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Many Chabad Chassidim firmly believe that the Rebbe [obv] was a prophet, as seen from this video: https://www.youtube.com/watch?v=HJApCLU5HRM&app=desktop

I know not everyone believes this, but to those who do:

How can this be reconciled with these two statements (found on another question on this site):

The Tosefta (Sotah 13:4) writes:

משמתו נביאים האחרונים חגי זכריה ומלאכי פסקה רוח הקודש מישראל
Once the last prophets -- Haggai, Zechariah and Malachi -- died, the prophetic spirit ceased in Israel.

Additionally, the Talmud (Bava Batra 14b) writes:

וחגי זכריה ומלאכי סוף נביאים הוו
Haggai, Zechariah and Malachi were the end of the prophets.

Any insights / ways to reconcile?

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3 Answers 3

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A prophet is someone who speaks in the name of Hashem. Someone who can say, "Hashem told me to say..." However, there are ways that Hashem lets his close ones know things, סוד ה' ליראיו. This is not Nevua, but can be seen as a hint thereof.

The Chovos Talmidim describes a level called בני נביאים, alluded to by the Kuzri, in which people nowadays can be inspired unnaturally. This is closer to the Rambam's description of Ruach Hakodesh, in which the person gets a surge of energy or confidence not from within.

Ruach Hakadosh did continue after the Neviim. Calling him an actual Navi is obviously overdoing it since he wasn't tested with that kind of pinpoint accuracy, and he never spoke in the name of Hashem. But the title is based on the many accounts of Ruach Hakodesh, where he advised people in ways that only made sense once unexpected things transpired.

He is not unique in having Ruach Hakadosh, but Chabad is unique in claiming someone an actual Navi.

Calling someone a Navi is not entirely new. In the period of the Rishonim there was someone known as Eliyahu Hanavi, Shmuel Hanavi (Reb Yehuda Hachasid's father), and Avraham Hachozeh.

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  • Note that the Medieval titles "Navi", "Chozeh" were reserved for very wise rabbis. And Rabbi Avraham Hachozeh was likely the Ibn Ezra. For both, see here: judaism.stackexchange.com/a/120895/20472.
    – Harel13
    Commented Sep 21, 2023 at 16:36
  • You are incorrect that "Chabad is unique in claiming someone actual Navi." For details, see the references in my answer below. Commented Sep 21, 2023 at 17:11
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Regarding prophecy, prior to the destruction of the Beis Hamikdash not all prophets were wise men. After the Beis Hamikdash was destroyed only the wise men retained their prophetic inspiration. (See Ein Yaakov, Bava Batra [12a], page 555)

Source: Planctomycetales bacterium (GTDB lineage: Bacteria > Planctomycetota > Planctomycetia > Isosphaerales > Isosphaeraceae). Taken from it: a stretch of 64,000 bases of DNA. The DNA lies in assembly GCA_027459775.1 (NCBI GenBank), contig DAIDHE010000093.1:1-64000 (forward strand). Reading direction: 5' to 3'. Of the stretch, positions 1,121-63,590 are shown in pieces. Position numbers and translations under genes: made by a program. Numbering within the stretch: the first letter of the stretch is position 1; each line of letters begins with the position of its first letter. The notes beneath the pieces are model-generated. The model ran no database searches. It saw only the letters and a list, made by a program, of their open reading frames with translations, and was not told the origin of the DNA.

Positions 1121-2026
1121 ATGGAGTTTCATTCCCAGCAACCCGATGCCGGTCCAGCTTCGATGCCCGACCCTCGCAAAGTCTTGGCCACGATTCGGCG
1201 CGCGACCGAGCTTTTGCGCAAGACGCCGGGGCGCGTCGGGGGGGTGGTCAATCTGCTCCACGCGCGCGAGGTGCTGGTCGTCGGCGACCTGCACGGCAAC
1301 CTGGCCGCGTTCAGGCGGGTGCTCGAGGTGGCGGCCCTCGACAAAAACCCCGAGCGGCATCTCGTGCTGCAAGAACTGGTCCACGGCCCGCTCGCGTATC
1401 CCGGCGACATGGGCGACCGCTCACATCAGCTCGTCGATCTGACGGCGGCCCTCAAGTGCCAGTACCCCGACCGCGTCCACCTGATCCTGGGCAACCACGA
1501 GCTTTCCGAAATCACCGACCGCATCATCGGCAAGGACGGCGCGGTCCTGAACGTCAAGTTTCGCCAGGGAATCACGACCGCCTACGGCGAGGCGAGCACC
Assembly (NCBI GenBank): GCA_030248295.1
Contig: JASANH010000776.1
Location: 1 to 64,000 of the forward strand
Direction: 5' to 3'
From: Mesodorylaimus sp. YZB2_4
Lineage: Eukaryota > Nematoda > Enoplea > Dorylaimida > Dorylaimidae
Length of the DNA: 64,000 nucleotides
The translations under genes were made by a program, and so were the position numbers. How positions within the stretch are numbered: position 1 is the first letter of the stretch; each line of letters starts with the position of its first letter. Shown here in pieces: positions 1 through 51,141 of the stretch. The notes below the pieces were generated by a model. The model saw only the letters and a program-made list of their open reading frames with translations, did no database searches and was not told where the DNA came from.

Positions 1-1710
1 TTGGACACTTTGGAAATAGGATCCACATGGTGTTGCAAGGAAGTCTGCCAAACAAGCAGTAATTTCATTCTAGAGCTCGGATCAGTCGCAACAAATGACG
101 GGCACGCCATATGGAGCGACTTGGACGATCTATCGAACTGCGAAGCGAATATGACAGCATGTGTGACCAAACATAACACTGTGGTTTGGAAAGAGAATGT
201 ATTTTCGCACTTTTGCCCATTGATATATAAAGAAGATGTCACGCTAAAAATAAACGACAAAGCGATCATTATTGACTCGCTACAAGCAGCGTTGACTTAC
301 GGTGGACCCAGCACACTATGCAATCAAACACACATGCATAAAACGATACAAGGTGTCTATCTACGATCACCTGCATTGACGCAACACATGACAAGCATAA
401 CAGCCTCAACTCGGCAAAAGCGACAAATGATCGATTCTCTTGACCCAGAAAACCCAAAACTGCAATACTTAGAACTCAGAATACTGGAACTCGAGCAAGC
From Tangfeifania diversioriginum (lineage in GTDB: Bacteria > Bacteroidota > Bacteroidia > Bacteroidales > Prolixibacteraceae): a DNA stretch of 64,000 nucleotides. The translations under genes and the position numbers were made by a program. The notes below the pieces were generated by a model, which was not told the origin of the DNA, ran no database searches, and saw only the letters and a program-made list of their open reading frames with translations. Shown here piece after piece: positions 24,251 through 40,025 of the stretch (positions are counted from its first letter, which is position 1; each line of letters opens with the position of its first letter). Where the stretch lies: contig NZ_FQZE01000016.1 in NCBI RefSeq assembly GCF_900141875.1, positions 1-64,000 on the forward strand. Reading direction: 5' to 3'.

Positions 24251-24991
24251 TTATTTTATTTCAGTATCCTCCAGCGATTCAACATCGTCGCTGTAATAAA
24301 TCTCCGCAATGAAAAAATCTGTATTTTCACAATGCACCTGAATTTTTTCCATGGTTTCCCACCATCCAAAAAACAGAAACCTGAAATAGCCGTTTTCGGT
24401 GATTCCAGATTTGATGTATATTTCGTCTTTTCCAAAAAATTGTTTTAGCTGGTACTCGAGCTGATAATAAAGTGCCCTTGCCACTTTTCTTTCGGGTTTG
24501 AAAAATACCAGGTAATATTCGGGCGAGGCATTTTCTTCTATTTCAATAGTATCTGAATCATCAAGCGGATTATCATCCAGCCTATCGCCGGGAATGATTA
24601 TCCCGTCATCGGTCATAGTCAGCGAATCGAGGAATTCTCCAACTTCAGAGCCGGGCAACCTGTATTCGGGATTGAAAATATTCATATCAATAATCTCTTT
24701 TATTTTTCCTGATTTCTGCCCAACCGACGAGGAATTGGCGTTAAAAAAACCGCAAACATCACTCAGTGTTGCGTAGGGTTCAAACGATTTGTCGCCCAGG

It may be explained that when Yoel said that "Prophecy in general is supposed to return in the time of mashiach" (see @Fred above), this is a reference to prophecy returning to the Jews who are not wise.

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  • Note you are quoting @Fred's interpretation of Yoel, though those are not his exact words. Are you hinting that the Rebbe wasn't wise?
    – Harel13
    Commented Sep 21, 2023 at 13:51
  • I am not hinting at anything, i was just talking about what we learn in the Gemara.
    – Mishlei
    Commented Sep 21, 2023 at 16:55
  • I was trying to show with this Gemara that it is possible even today for a great tzaddik to be a prophet.
    – Mishlei
    Commented Sep 21, 2023 at 17:09
  • Okay, thanks for the clarification. I recommend amending your answer so that it'll be clear that "Prophecy in general is supposed to return in the time of mashiach" is a quote from @Fred's comment and not the actual words of the verse in Yoel.
    – Harel13
    Commented Sep 21, 2023 at 17:16
  • How do i do that? Should i just write @Fred after the quote?
    – Mishlei
    Commented Sep 21, 2023 at 19:32
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Two obvious traditions that precede the Rebbe that would resolve your question about the reappearance of prophecy among the Jewish people are:

  1. The tradition from the Rambam as recorded in his Igeret Teiman from his father that prophecy would return to the Jewish people in the year 4970. That means that sometime around the year 1210 CE, Nevuah would be present among the Jewish people at least by certain select individuals as a kind of precursor to the coming of the Moshiach and the final redemption. For details of this, please read the following.

  2. The second tradition pertains to the story of the Prophecy of the Child. In this story, which first appeared in print around 1400 CE, it recorded the story of a Jewish child who was born around 490 CE to his parents, Pinchas and Rachel in Spain. That infant was a miraculous child who possessed the power to speak almost from birth and who knew by heart, vast amounts of the Torah. This child was purported to have from birth the level of prophecy.

If you are unfamiliar with this tradition, you will find the two links provided above of great interest. It is worth noting in regard to this story the related tradition from Rabbi Simlai in the Talmud, Niddah 30b, how during the months of pregnancy, the soul of the future child learns the entire Torah, meaning even the inner aspects of Torah. It is only after the angel, who is present at the time of birth, touches the upper lip of the child as it enters the body to be born, that this memory of all the Torah it had learned is wiped from the child. Surprisingly, this tradition from Rabbi Simlai also makes an allusion to Spain. It should also be noted that this idea of touching the upper lip, beneath the nostrils, seems to also correspond to the idea mentioned in Bereshit 2:7 that G-d blows the Living Soul into the nostrils of Adam HaRishon.

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